O’Farrell says that Di Girolamo was a former managing partner of a Sydney law firm, Colin Biggers & Paisley, was the head of a company doing work in the north-west and chaired the Italian Chamber of Commerce.
“I do think we need to judge people as we found them at the time and not with the benefit of hindsight,” he says.
And now the inquiry turns to a $3000 bottle of Grange…
Counsel assisting ICAC, Geoffrey Watson, SC, turns his focus on what Barry O’Farrell’s chief of staff Pete McConnell was doing in mid 2010.
O’Farrell was then Opposition Leader and McConnell was emailing the then deputy chairman of Australian Water, now Liberal Senator Arthur Sinodinos, about Australian Water’s plans for a PPP (with chummy salutations such as “comrade” and “keep fighting”).
O’Farrell is not perturbed by McConnell suggesting he would welcome Australian Water chief executive Nick Di Girolamo sending a draft of a letter from O’Farrell supporting the PPP.
“He’s really there going in to bat [for Australian Water] if you like, he’s really encouraging them,” Watson says.
On the explosive subject of a $3000 bottle of wine allegedly couriered to his house at the behest of Australian Water boss Nick Di Girolamo, O’Farrell says he’s “certain I would remember receiving a bottle of Penfolds Grange, certainly one from my birth year”.
“I’m no wine connoisseur. I don’t drink a lot these days, that’s evidenced by my size,” O’Farrell says of his slimmed-down physique.
“I noticed that,” counsel assisting ICAC, Geoffrey Watson, SC, says.
“I commend you to it,” O’Farrell quips, to a hearty roar from Watson.
O’Farrell drops a reference to his gym routine and Watson rejoins: “Stop boasting.”
“It’s the Don Bradman of wine, it’s unforgettable isn’t it?” Watson says.
“I don’t believe I would have forgotten it,” O’Farrell says.
O’Farrell admits that he and Di Girolamo had each other’s mobile numbers.
Asked how often they contacted each other, the premier says: “I don’t recall the frequency but certainly we had phone numbers.”
He says they would occasionally text about football and the contact was about “once a month” or “once every two months”.
“I might have been returning calls,” he says.
Barry O’Farrell said he occasionally exchanged texts with Nicky D G, maybe once a month #ICAC— Kate McClymont (@Kate_McClymont) April 15, 2014
Watson has finished grilling O’Farrell. The lawyer for former energy minister Chris Hartcher, who is set to feature in the next ICAC inquiry into political donations starting on April 28, is putting questions to the premier.
O’Farrell says he doesn’t recall Hartcher being a proponent of Australian Water’s PPP plan.
The inquiry has heard allegations that Australian Water made “regular payments” to a slush fund linked to Hartcher in exchange for favourable treatment from the former minister
O’Farrell’s own brief, John Agius, SC, is now putting questions to his client. Agius was counsel assisting the 1990s Wood Royal Commission into police corruption.
He asks O’Farrell about his phone call to Australian Water boss Nick Di Girolamo on April 20, 2011, around the time the newly-elected premier allegedly received the $3000 bottle of Grange from Di Girolamo.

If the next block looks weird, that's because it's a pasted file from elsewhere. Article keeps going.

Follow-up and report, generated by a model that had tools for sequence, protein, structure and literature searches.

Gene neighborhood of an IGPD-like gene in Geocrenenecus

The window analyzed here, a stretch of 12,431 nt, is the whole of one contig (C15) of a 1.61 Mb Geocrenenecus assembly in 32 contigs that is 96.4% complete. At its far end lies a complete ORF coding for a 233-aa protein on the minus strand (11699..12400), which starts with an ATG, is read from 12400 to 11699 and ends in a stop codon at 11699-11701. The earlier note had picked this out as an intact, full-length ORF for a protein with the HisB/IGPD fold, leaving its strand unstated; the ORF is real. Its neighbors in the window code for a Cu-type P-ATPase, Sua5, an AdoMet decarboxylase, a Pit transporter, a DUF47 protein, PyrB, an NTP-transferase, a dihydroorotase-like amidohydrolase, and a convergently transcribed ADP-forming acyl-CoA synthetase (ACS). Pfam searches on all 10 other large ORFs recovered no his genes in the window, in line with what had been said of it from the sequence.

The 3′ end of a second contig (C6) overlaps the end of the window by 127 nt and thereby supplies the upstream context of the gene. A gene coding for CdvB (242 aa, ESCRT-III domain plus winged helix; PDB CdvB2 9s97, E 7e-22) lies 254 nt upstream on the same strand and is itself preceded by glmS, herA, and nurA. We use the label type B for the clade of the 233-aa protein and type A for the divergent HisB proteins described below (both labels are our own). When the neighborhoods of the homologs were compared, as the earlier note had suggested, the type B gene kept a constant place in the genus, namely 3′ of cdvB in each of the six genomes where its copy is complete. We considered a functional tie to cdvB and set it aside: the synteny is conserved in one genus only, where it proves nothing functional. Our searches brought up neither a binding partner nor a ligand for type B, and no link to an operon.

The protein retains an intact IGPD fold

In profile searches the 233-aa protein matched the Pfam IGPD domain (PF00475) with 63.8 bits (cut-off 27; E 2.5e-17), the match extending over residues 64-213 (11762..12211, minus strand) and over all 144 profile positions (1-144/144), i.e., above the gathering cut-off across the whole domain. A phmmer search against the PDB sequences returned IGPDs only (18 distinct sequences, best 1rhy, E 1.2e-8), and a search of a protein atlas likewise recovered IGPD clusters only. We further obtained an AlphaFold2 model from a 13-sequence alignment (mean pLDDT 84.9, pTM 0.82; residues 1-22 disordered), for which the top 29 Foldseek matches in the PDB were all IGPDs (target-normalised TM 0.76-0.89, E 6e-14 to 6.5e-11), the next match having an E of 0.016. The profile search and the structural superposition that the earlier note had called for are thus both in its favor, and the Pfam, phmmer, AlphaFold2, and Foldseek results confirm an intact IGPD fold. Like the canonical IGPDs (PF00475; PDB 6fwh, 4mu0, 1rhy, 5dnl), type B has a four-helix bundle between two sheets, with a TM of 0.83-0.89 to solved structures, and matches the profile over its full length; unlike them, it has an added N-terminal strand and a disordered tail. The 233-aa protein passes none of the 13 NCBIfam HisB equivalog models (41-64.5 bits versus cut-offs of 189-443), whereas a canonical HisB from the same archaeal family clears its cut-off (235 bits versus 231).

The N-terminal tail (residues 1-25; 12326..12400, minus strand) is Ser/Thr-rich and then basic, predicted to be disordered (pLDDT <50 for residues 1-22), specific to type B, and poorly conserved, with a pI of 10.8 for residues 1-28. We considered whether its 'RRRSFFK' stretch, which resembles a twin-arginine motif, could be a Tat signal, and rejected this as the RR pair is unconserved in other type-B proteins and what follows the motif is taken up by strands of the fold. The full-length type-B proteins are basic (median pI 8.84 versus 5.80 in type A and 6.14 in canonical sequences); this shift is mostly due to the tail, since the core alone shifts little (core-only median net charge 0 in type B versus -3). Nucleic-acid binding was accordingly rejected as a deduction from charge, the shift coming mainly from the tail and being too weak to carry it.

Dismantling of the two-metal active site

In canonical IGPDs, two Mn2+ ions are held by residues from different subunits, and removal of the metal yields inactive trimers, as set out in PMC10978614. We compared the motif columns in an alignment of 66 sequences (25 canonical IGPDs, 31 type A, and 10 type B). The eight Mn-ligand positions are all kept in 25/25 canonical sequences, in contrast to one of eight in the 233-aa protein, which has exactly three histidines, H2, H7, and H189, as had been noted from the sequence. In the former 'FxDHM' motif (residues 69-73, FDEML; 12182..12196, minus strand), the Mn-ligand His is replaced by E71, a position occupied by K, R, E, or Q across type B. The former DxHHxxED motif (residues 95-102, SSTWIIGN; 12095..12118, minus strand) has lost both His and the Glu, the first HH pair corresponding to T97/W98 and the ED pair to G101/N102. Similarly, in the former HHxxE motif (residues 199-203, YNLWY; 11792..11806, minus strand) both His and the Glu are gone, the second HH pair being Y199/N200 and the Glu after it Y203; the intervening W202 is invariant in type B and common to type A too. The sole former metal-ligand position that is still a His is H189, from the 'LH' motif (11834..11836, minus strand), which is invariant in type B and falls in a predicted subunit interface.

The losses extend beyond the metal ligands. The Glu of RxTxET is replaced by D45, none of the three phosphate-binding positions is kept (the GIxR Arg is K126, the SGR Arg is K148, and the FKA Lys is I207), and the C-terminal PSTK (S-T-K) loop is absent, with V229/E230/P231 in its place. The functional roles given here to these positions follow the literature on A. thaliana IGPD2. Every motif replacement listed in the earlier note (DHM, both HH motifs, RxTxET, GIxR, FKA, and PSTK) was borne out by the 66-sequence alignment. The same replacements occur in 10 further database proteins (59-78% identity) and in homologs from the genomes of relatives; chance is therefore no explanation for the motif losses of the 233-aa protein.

The premier says that if he didn’t receive the gift – as is his contention – then he didn’t call Di Girolamo to thank him for it.
John Agius, SC, is asking the premier about his practice when it comes to declaring gifts on the pecuniary interests register.
“The practice is that I comply with those rules,” a rather brusque O’Farrell says.
Asked if he has ever been given a $3000 gift, O’Farrell says he doubts even his family has been so generous. He then makes a rather dad-joke reference to a garden hose he got one Christmas.
And then there is this exchange:
It’s being suggested security at Bof’s house was of a level where it’d be easy to steal a bottle of wine delivered when no one home #icac— Katie Kimberley (@KatieKimberley) April 15, 2014
Barry O’Farrell exits the witness box, the media pack in hot pursuit.
The man who allegedly gave him a $3000 bottle of Penfolds Grange and lobbied him over a PPP, former Australian Water boss Nick Di Girolamo, has resumed giving evidence.
The Premier is expected to make a statement outside the Independent Commission Against Corruption.
After studiously avoiding the media when he entered ICAC earlier this afternoon, Premier Barry O’Farrell is now using a room in the building for a press conference.
O’Farrell has become the fourth serving premier to give evidence at the commission, after Nick Greiner, John Fahey and Bob Carr.
Of course, ICAC has also heard from a string of former premiers this time around: Kristina Keneally, Nathan Rees and Morris Iemma.
O’Farrell will be fourth sitting Premier to face #icac Greiner (’92) (“Metherell”); Fahey (Jan 95) (“Smiles’ pension”); Carr (96) (“Semple”)— Stephen Murray (@smurray38) April 14, 2014
Barry O’Farrell’s post-ICAC press conference seems to be taking almost as long as his stint in the witness box.
Media waiting for Barry O’Farrell’s press conference re #grangegate#icacpic.twitter南京夜网/YkS4sGJnI9— Kate McClymont (@Kate_McClymont) April 15, 2014
O’Farrell tells the assembled media that he is “absolutely confident” that his government followed proper processes when dealing with Australian Water Holdings.
He says his north shore home was “unoccupied and unattended” at the time he allegedly received a $3000 bottle of Penfolds Grange in April 2011 from the then chief executive of the company, Nick Di Girolamo.
Asked about a phone call he made to Di Girolamo around this time, O’Farrell says: “I know nothing about the call.”
Today was to mark the last day of ICAC’s inquiry into Obeid-linked company Australian Water Holdings, which is now in its fifth week.
As Premier Barry O’Farrell leaves the inquiry, Commissioner Megan Latham says with some resignation that the inquiry will sit until at least lunch tomorrow.
That concludes our live blog. Thank you for reading.
See you at 10am tomorrow when former Australian Water boss Nick Di Girolamo will finish giving evidence #ICAC— Michaela Whitbourn (@MWhitbourn) April 15, 2014
This story Administrator ready to work first appeared on Nanjing Night Net.